Eventually, Adele’s lust becomes insatiable, culminating in a drug-fuelled orgy that leaves her physically injured. Her body, no longer governed by the need to eat or sleep, existing solely for sex, begins to break down. As do her job, her friendships and her family. Our empathy, too, wears thin. The crisis point comes when Richard comes across Adele’s second phone, on which he finds obscene messages to and from one of his colleagues. Like a switch, he turns on her, while Slimani turns the reader on him. Suddenly we start to root for Adele.

Slimani’s complicated female heroines feel on trend, and very different from the idea of womanhood offered when she was younger. “I remember in the Nineties, when Madonna, Beyonce and Sharon Stone were famous, the trend was empowerment. But I hated that. I was very afraid of this kind of woman. It didn’t excite me. I wanted to describe someone else. A woman who hates power. Who wants to be dominated,” says Slimani.

She’s not saying that women shouldn’t be empowered exactly, but she does believe that there are advantages to letting men at least feel they are dominant. “Despite women being in a position of inequality, it also gave women a lot of tools to manipulate them. We know men very well, we know what they want, and we know what we can do to defend ourselves. Many women don’t say it but we know. Men are very naive in a way when you think about it.”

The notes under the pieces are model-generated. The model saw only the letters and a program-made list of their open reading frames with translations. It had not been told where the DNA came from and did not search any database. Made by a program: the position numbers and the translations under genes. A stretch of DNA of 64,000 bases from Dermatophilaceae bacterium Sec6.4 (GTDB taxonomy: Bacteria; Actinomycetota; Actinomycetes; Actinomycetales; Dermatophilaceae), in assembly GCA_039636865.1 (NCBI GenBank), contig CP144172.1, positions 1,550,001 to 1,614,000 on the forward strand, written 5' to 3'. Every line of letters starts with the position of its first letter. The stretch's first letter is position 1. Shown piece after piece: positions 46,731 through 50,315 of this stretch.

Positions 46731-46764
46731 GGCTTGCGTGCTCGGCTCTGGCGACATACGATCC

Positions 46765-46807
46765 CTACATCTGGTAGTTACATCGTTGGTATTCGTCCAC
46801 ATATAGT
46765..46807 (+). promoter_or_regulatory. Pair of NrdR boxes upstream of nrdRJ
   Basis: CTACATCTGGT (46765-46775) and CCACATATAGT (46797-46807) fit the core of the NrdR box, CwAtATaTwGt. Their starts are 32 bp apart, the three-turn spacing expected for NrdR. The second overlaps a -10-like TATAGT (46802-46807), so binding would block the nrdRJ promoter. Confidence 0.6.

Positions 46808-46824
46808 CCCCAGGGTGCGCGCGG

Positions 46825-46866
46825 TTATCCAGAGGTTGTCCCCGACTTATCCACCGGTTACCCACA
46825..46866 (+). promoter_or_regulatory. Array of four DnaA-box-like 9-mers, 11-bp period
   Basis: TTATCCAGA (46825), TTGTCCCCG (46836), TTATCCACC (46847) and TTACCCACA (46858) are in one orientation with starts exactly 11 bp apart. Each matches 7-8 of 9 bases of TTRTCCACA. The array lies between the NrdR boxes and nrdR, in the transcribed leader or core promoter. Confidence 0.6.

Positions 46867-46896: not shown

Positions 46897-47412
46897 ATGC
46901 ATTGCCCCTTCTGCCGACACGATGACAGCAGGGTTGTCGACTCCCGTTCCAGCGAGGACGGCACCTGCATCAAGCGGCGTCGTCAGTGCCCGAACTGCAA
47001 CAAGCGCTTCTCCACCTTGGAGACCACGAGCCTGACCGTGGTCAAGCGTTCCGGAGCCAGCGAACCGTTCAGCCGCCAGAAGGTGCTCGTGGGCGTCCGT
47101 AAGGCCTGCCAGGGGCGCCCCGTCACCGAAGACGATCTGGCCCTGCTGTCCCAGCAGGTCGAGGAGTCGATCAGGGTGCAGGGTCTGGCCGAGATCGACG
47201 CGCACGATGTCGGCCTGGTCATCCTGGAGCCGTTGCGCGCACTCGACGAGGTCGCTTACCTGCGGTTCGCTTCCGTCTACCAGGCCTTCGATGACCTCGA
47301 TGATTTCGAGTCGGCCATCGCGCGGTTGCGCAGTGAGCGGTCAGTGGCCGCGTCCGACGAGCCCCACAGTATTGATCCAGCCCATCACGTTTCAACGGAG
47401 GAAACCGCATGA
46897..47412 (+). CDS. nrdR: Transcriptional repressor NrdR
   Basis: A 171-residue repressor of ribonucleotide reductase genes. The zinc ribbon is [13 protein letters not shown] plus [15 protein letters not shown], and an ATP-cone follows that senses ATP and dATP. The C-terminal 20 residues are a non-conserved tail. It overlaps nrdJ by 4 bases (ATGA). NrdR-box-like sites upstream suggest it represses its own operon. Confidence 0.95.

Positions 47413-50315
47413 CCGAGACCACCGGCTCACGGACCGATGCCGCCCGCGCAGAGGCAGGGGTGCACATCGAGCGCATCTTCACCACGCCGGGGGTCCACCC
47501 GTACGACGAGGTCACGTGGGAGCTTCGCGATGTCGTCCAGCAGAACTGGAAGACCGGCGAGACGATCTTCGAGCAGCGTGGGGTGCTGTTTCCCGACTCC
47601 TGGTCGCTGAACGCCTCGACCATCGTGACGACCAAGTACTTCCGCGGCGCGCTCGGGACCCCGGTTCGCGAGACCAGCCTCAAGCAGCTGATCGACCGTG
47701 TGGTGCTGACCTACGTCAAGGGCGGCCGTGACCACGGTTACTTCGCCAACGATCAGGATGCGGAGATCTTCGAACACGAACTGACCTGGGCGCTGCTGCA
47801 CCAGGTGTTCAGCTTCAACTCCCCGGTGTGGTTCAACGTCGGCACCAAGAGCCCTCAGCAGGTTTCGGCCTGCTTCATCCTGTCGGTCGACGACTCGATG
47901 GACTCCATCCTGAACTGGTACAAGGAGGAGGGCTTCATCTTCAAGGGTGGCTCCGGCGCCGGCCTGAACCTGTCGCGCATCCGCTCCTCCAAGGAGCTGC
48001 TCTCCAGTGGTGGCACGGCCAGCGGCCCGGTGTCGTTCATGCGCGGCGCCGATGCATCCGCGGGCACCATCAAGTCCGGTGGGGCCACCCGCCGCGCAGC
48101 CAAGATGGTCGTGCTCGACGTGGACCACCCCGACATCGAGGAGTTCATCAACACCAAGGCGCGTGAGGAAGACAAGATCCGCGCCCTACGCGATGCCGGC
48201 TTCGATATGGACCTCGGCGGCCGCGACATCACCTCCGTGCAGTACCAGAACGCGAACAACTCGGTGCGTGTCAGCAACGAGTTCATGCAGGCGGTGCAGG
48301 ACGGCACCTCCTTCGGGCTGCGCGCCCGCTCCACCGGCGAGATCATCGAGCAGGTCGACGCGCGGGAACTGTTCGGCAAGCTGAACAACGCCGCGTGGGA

When we meet, a few metro stops from her home in Pigalle (Paris’s red-light district), Slimani is dressed in a long, black fur coat and bright gold gloves. As we walk on the banks of the Seine, she pauses to observe a severed tree trunk, inexplicably covered in chains and floating, macabrely, in the water. “It looks like a corpse,” she says, as if storing the image in her mind for later. She resumes: “Today, not being a feminist is a taboo. But I think if women want to be passive, then let them.”